Cape Town - Three South African cricket legends - Barry Richards, Graeme Pollock and Mike Procter - were left in the dark when a planned live interview with them was cancelled at the last minute by SuperSport.
According to Netwerk24, the interview was due to take place during the lunch break on Day 2 of the third Test between the Proteas and Pakistan at the Wanderers earlier this month.
The interview was scheduled with Mark Nicholas, the well-known English cricket commentator who was on duty during the series.
The three former players were waiting in a corporate box at the Wanderers when Nicholas came over 20 minutes before lunch to say the interview was cancelled.
The report on the Afrikaans website added that Nicholas was embarrassed and couldn't give reasons why the interview was cancelled.
Richards explained that the interview would have been a "generic cricket discussion".
"We told Mark that it was important that that we keep the discussion topical and not talk about the past. We therefore would not have ventured into dangerous territory," Richards said.
Richards, Pollock and Procter represented South Africa during apartheid and played Tests before the team was banned from international cricket in 1970. The ban lasted until 1991.
Richards took to Facebook to express his dissatisfaction with the decision to cancel the interview, asking whether it was SuperSport's intention to embarrass them.
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Richards' post suggested SuperSport had "brought" the trio to the Wanderers, but Clinton van der Berg, SuperSport's spokesperson, told Sport24 on Monday that the three former cricketers were not flown by the pay channel to attend the Test.
Van den Berg added in the Netwerk24 interview that the unpredictable nature of television often leads to interviews being canned.
"There was a discussion with Mark and the former players, but it was not relayed to the executive producer. There was later a loose agreement to record an interview in studio, rather than a live broadcast."
Van den Berg, however, admitted that Richards' "negative comments" in a Facebook post had played a role in that interview being cancelled as well.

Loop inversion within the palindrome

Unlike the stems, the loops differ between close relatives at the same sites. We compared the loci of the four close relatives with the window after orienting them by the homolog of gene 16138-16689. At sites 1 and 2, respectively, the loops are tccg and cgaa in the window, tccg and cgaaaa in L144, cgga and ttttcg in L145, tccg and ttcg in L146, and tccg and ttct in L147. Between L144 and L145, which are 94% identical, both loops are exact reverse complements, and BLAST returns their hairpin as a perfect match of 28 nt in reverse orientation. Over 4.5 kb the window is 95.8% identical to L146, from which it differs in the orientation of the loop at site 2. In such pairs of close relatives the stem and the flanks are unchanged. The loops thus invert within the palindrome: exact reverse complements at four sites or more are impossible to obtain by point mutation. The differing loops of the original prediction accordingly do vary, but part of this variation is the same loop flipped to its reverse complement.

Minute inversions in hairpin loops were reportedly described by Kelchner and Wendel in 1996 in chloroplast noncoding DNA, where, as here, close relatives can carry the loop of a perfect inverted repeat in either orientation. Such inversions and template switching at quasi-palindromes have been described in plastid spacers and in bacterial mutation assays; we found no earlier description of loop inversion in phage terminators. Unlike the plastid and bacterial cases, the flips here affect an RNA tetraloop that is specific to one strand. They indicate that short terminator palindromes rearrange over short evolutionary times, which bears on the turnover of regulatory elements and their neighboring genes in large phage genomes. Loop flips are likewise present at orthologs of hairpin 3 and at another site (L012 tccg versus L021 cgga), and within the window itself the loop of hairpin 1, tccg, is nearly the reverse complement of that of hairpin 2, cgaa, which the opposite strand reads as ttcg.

Instead of the interview with three of South Africa's greatest ever sportsmen, SuperSport screened a segment on 2018's best moments.
Late last year, Richards was also in the news when he said he was hurt by what he described a lack of recognition for his achievements from Cricket South Africa (CSA).
In November, the 73-year-old Richards was honoured by former England skipper Graham Gooch, who picked him in his best-ever cricketing XI.
"Simply the most graceful and my favourite batsman of all-time," Gooch said of Richards.
Richards said he was honoured by Gooch's comments but added: "It however hurts to think that influential people in the game like Gooch, Dennis Lillee and Donald Bradman rate you so highly, but the governing body in your own country, Cricket South Africa, pretend that you don't exist.
"Cricket South Africa are the only guys who give no recognition for what we achieved on the cricket field. They view us as pale, male and stale."
CSA only take into consideration records achieved since the 1991/92 season when South Africa re-entered the international fray.
Richards only played four Tests, scoring 508 runs at an average of 72.57.
Pollock and Procter, meanwhile, refrained to comment on the TV interview matter.
The 74-year-old Pollock played 23 Tests between 1963 and 1970, scoring 2 256 runs at an average of 60.97.
The 72-year-old Procter played seven Tests between 1967 and 1970. He took 41 wickets at an average of 15.02 and scored 226 runs at an average of 25.11.